Last night's conversation turned, at one point, to consequentialism, an approach to ethics I usually call utilitarianism. Whatever name you give it, the idea is that all actions are to be evaluated by their outcomes or consequences (hence the first name), and the best action is the one that brings about the most happiness or utility (hence the second name), or minimizes suffering, or balances these two, etc. Our potential grad student guest put forward the following thesis: discussions about public policy in this country us consequentialist reasoning much more than any talk about rights or duties or the role the government ought to play. That is, according to this thesis, people generally don't say a certain policy is bad because it violates our innate rights or that we ought to adopt a certain policy because the proper role of the government is such-and-such, and so on. Instead, much of the reasoning boils down to 'because otherwise too many people will get hurt' or 'it will be really expensive and won't get us much'.
A specific example will be helpful. Let's say we're legislators, and we pass a 'three strikes' law that punishes heroin possession with fines the first two instances, but with ten years in prison for the third instance. In our debate over whether to adopt this policy, we might have said that the repeated use of heroin is so immoral that those who do it must be punished in this way; or we might have said that heroin is so deadly we have to impose controls to keep so many people from ODing on it, and this is the most cost-efficient way of doing that. The second argument is a consequentialist argument, as it's motivated by the consequences of various actions.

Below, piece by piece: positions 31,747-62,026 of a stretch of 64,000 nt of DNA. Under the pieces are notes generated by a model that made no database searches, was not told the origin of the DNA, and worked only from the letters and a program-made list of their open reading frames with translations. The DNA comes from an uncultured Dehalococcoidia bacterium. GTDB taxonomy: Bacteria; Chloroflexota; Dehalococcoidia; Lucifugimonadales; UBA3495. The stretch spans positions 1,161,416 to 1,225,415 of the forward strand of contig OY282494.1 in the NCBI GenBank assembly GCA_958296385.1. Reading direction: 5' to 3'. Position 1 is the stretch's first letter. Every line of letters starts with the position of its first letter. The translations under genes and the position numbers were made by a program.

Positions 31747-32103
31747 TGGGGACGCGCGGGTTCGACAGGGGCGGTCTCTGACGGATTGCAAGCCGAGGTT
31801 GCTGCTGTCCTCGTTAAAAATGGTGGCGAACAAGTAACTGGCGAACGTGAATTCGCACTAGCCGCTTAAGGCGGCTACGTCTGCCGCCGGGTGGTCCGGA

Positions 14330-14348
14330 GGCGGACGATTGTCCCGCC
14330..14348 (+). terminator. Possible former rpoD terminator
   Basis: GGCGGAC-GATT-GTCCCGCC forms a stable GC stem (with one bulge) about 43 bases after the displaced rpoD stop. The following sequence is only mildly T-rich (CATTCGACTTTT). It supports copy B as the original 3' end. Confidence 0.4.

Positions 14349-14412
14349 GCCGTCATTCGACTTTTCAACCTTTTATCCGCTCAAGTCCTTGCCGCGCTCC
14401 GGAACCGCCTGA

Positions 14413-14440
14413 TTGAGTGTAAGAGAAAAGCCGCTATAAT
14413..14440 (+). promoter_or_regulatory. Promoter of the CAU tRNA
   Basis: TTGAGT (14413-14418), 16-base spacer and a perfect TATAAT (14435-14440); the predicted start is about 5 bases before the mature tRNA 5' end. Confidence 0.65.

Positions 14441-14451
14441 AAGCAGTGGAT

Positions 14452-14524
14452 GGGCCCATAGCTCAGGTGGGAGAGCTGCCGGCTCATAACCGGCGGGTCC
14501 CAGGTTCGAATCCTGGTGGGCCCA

Now, I responded to this that I think reasons play very, very little in policy decisions, and mostly you have pols wrapping themselves in convenient rhetoric. And it's also the case that many specific policies are nominally adopted because they're the most cost-efficient way of achieving a certain end (whether or not this is actually the case). In the drug law example, we're most likely going to see arguments like the second one, but I think those are just covering up for a 'drug users are evil and must be punished!' sentiment that really hasn't been subjected to any kind of reasoned reflection and evaluation.
However, I claim that the consequentialist arguments that do get tossed around do not go all the way to the bottom. For example, we can ask questions like 'why is it bad if people are ODing on heroin?' I don't think the consequentialist can answer this except by talking about how human suffering in general is bad; but then we can ask about why human suffering in general is bad. Ultimately, when we get to the most fundamental issues, we have to leave the consequentialist arguments behind. Consequentialism is a decent tool for figuring out which of several policies to use in pursuit of a given end, but it cannot figure out which ends we ought to be pursuing.
And I think a great example of this is the way feminists defend abortion rights (you knew it was coming sooner or later). One common pro-choice argument is that, when they do not have access to safe and legal means of aborting an unwanted pregnancy, women will turn to extremely unsafe means, symbolized by the bloody hanger. This is a consequentialist argument; but notice that it takes it for granted that women will pursue abortions, even by extremely dangerous means, to end unwanted pregnancies. This just begs the question of why women would do such things (and the answer that abortion is safer than giving birth only works when abortion is safe, not when its done by your older sister using a hanger).
What makes abortion so important for women? Why are women so determined to have one, even if it is illegal, and at the risk of their own lives??
Because we are human beings....
Yep... and we have these crazy ideas that we have a right to have dreams and aspirations. We also know that manfolk are not to be counted on.
I Hate People)
So what's the more defensible pro-choice argument? The most common argument you find in the feminist blogosphere. The rights -based argument.